As I wiped the sleep from my eyes and walked toward the living room, the first thoughts that went through my mind were that it was probably a foggy or cloudy day, and some poor Cesna pilot got lost and flew into the World Trade Center. As I turned on the TV sometime after 6 o'clock, however, it became immediately clear that something very different was occurring. It seemed to be that both towers were on fire (the first plane hit the north tower at 8:46ET and the second plane hit the south tower at 9:02ET). In my mind, I want to say that I saw the second plane hit on TV, but in reality it seems that this is not possible, as I don't believe the second plane hitting the south tower was broadcast live.

I also remember thinking that, despite hitting the towers with such force, there were relatively few floors in flames, and I never really suspected the structural integrity of the building was at risk. My only thoughts were: get those people out as fast as possible!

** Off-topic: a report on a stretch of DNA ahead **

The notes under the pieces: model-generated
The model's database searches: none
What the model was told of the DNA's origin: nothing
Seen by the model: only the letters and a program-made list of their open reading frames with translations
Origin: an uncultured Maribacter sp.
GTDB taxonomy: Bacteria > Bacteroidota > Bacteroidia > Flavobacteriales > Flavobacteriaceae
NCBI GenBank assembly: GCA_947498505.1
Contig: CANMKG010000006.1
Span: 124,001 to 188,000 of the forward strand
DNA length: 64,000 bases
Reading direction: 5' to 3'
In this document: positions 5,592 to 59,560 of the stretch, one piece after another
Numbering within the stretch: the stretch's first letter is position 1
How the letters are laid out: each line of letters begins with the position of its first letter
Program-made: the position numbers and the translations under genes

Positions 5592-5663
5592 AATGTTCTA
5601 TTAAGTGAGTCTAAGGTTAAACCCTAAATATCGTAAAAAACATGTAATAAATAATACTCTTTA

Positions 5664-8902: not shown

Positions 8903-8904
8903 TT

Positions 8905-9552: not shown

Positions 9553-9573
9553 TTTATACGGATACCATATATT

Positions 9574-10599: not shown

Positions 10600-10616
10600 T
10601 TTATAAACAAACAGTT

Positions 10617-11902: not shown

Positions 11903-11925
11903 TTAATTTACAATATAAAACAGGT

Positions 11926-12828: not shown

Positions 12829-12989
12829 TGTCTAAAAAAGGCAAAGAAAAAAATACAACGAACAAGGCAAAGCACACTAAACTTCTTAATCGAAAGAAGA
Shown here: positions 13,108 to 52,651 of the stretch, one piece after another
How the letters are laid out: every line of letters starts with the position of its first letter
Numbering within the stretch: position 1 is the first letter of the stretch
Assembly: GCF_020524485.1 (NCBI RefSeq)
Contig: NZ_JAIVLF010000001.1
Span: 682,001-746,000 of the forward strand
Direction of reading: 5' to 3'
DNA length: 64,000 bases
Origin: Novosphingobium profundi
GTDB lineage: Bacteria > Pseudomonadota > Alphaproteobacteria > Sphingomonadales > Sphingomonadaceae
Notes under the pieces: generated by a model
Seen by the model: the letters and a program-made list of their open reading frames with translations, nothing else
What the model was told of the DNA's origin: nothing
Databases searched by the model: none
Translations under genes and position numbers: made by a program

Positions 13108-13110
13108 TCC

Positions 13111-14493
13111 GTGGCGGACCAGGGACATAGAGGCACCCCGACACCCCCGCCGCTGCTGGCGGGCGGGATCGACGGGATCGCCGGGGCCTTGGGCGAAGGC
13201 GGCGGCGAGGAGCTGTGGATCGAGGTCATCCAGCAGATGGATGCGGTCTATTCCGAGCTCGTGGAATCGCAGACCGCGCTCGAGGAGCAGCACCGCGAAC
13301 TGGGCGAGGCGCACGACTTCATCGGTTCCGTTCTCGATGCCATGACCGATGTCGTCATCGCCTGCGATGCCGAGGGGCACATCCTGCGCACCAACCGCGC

I immediately woke up my roommate Tom and his then-girlfriend (now wife) to let them know what was going on. I think we probably all stared at the TV for who-knows-how-long without saying so much as a word. What I do remember vividly was watching both towers collapse (the south tower at 9:59ET and the north tower at 10:28ET). More silence. I tried to calculate in my mind how many people must have been killed, just like that.